It’s starting to feel like spring is on its way. We’ve had the snowdrops, and now we’re seeing daffodils.
However, it’s only if you’re lucky that you will find patches of our native species, as cross- pollination with the garden daffodil threatens to wipe it out. Smaller than the garden variety, its bright yellow trumpet really stands out against the paler yellow petals. You may still spot them brightening up areas of ancient woodland where they are insulated from garden escapees.
Our ancient woodlands offer us a rare opportunity to step back in time and see the spring as our ancestors did. Deep inside their boundaries, the modern world falls away and it’s easy to imagine yourself back in time. The noise of the city is dimmed, but the woods are far from silent; as the denizens of the dark wood begin their spring mating rituals, the tree canopy is alive with birdsong. From the first flush of emerald green leaves to the froth of blossom, here will you find plants that are referred to as ‘indicator species’; these plants are less common outside ancient woodland, because they take a long time to colonise or because they have evolved to need the conditions which centuries of stable woodland cover has provided.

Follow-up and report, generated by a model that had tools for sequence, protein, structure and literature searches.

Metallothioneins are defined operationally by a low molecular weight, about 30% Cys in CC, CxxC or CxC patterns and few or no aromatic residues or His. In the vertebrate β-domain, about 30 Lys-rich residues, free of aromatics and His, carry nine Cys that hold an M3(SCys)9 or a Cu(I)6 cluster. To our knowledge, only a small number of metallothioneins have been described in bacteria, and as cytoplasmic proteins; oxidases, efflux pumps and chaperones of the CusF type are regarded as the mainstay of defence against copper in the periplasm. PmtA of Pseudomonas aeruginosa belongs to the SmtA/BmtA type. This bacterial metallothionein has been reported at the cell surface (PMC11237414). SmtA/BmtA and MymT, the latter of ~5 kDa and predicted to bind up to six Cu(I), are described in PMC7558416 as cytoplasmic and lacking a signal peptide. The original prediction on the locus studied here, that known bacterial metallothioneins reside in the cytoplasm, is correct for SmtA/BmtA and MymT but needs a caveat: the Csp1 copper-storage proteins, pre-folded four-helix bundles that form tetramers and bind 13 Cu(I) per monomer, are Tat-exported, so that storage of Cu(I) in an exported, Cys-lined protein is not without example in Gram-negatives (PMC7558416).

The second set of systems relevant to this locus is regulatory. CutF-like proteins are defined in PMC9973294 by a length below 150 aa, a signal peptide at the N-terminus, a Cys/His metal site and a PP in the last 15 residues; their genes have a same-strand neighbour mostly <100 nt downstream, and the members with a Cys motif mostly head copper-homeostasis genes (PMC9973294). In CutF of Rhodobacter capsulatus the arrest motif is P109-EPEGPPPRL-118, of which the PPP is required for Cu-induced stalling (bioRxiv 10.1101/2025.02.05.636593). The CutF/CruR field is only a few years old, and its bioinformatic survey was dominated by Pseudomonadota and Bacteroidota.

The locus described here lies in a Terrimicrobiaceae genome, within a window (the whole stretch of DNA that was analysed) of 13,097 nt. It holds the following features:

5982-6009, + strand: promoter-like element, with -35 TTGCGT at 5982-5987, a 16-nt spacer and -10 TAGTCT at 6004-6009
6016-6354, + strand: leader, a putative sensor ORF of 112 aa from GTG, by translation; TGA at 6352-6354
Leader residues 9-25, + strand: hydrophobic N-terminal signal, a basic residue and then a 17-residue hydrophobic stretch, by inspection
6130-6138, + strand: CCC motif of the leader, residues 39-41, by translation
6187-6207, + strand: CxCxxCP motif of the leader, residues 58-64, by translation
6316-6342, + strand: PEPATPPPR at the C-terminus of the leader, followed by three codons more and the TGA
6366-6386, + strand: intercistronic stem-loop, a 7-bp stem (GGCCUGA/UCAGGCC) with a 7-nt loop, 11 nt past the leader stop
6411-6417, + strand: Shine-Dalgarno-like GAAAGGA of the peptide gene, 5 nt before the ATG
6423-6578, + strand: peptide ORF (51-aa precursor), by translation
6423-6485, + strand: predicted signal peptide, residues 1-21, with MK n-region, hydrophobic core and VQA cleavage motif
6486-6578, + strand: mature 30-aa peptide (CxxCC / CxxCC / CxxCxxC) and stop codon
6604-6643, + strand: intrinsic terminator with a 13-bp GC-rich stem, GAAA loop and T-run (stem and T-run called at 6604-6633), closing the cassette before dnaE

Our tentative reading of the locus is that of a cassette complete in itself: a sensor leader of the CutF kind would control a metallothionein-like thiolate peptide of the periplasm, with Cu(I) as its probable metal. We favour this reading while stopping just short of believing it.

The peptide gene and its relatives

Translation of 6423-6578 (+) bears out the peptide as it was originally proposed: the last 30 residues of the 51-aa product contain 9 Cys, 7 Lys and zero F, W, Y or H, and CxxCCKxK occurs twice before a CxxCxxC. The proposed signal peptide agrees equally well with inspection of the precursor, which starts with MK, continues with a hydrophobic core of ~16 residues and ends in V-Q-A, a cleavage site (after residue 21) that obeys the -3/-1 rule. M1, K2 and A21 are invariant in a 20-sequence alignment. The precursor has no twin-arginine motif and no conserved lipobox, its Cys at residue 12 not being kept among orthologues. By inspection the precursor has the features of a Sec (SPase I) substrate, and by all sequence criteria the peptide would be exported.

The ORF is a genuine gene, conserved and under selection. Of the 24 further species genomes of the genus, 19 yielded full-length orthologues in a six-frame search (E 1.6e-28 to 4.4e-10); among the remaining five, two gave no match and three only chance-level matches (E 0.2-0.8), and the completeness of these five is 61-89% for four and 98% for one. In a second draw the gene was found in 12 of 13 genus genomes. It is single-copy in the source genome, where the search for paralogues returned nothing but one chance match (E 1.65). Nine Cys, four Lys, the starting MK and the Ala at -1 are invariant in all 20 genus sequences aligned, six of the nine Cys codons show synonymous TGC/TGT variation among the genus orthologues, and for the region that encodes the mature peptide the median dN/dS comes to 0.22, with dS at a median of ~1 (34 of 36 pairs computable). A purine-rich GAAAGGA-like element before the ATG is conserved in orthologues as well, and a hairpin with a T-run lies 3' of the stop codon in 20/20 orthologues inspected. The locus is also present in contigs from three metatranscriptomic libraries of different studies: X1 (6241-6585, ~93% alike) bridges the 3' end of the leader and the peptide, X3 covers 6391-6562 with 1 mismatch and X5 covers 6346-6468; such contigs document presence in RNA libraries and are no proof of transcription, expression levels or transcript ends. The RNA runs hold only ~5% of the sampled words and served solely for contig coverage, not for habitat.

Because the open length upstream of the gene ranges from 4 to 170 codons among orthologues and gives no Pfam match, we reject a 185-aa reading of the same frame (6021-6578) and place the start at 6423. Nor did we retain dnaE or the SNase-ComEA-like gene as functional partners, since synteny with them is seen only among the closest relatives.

The pretty white petals of the wood anemone are one such indicator. Our native bluebells are another.
Nothing quite says spring is here like a stroll through the bluebells; in a few weeks’ time a beautiful carpet of native bluebells will start to reappear in Smithy Wood, like they have done for centuries.
Ancient woodlands like this really do support so much wildlife; hundreds of different species of birds, animals, plants and fungi. And it’s impossible to replace. No amount of new tree planting can replace the ecology built up over such a long period of time. Once it’s gone, it’s gone.
Irreplaceable ancient woodland and local wildlife should be protected and not destroyed. Smithy Wood in Chapeltown is an ancient woodland in Sheffield’s green belt that will soon be awash with bluebells, but is under threat from a planning application to build a major motorway service area.
Surely it should be protected for the benefit of local people, so our children get their chance to wonder about what stories these ancient trees could tell.
Many of you agree, judging by the successful protest organised by Sheffield and Rotherham Wildlife Trust at the weekend. The good news is, you can still help save this precious green space by writing to your local councillor. See Sheffield & Rotherham Wildlife Trust for information.